READINGS: Acts 7:55-60/ Revelation 22:12-14, 16-17, 20/ John 17:20-26
7th Sunday of Easter

There were four main farewell activities on the eve of our Lord Jesus’ crucifixion – namely, the Last Supper, the washing of feet, His farewell message and His priestly prayer. Today’s gospel reading is an extract of the priestly prayer which was meant to reassure His disciples.  This portion of the priestly prayer centered on four points: (a) unity among all His believers, (b) that the unity may reveal Jesus as the One sent by the Father, (c) that believers may enjoy the heavenly glory with Him and (d) that believers may share in divine love.

(a) Unity among all His believers: Jesus prayed to His Father “that they [Christians] may all be one. As you, Father, are in me and I am in you, may they also be in us” (John 17:21; NRSV).  The Lord, who had earlier on observed arguments among His apostles regarding who was the greatest, and who had foretold the betrayal by Judas and predicted that the rest of the apostles would desert Him during His passion, knew too well what might happen to His Church in His absence.  Consequently, He prayed for unity.

Unfortunately, over the centuries, Christians have not lived in accordance with the Lord’s prayer for unity.  Whereas there are efforts through prayers, dialogues on doctrinal matters and common social actions to promote Christian unity, the disunity among Christians seems to have assumed an exponential proportions.  Sadly, today, it seems that there are new splits on daily basis in the Church across the globe.

This very gospel passage has been the basis for efforts at Christian unity, but it seems the situation is getting out of hand.  How, I wish the leaders of all churches and Christian sects would heed the prayer that came from the agonizing heart of Jesus!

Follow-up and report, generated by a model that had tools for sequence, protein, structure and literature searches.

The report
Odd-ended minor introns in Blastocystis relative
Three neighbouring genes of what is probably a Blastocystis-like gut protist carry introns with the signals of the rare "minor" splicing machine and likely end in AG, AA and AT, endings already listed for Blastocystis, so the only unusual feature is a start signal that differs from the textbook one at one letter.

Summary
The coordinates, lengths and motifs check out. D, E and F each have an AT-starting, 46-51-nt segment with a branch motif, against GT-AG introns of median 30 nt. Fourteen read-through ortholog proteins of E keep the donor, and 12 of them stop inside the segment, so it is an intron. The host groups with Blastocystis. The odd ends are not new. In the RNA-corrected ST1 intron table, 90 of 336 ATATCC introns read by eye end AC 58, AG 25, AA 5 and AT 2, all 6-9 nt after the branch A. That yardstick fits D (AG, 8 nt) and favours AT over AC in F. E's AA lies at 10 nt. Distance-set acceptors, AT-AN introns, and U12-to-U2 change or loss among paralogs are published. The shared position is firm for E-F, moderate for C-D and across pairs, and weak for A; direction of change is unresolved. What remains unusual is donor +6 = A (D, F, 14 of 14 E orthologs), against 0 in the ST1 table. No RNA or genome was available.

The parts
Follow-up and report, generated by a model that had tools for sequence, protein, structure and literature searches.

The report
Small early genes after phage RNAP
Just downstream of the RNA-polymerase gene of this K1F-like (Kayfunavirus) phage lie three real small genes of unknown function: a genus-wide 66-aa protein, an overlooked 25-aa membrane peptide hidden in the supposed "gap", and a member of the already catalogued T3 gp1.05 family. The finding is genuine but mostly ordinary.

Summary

(b) Unity may reveal Jesus as the One sent by the Father:  Besides the fact that there is strength in unity, a united voice makes a message more credible than dissenting voices claiming to be messengers of the same Lord.  Hence, a key reason of Jesus’ concern for Christian unity is “so that the world may believe that you [Father] have sent me.  …so that they may be one, as we are one, I in them and you in me, that they may become completely one, so that the world may know that you have sent me” (John 17:21-23).

How I wish this could convict leaders of the various churches and sects to sincerely work and make the required sacrifice towards the eventually realization of the visible unity that reveals the true person of Jesus to the world!  Until then the dissenting voices of the myriad of churches and sects may blur the image of Jesus in the eyes of many who seek salvation.  In other words, the dissenting voices may be too noisy to distract some seekers of salvation.

(c) Believers may enjoy the heavenly glory with Jesus:  The mission of Jesus was to draw many souls to the glory of heaven.  Hence, when the mission was about reaching its climax, He prayed: “Father, I desire that those also, whom you have given me, may be with me where I am, to see my glory, which you have given me because you loved me before the foundation of the world” (John 17:24).

Beloved, may we one day be granted the eternal grace of life in heaven, where we will behold the glory of the Lord forever.

(d) Believers may share in divine love: To see the heavenly glory of Jesus is not to be eternal spectators in heaven but to share in the very love of God forever.  Hence, Jesus prayed: “Righteous Father… I made your name known to them, and I will make it known, so that the love with which you have loved me may be in them, and I in them.” (John 17:25-26).

Finally, therefore, may each of us foster unity among all Christians, proclaim that Jesus is the unique Saviour sent by the Father and eventually enjoy heavenly glory by sharing in the eternal love of God.  Amen!

By Very Rev. Fr. John Louis

Bishop John Kobina Louis

Most Rev. John Kobina Louis is an auxiliary bishop of the Archdiocese of Accra, Ghana. More about him here.

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Catholic Homilies and Sermons for the Liturgical Year by Most Rev. John Kobina Louis, auxiliary bishop of the Archdiocese of Accra, Ghana.

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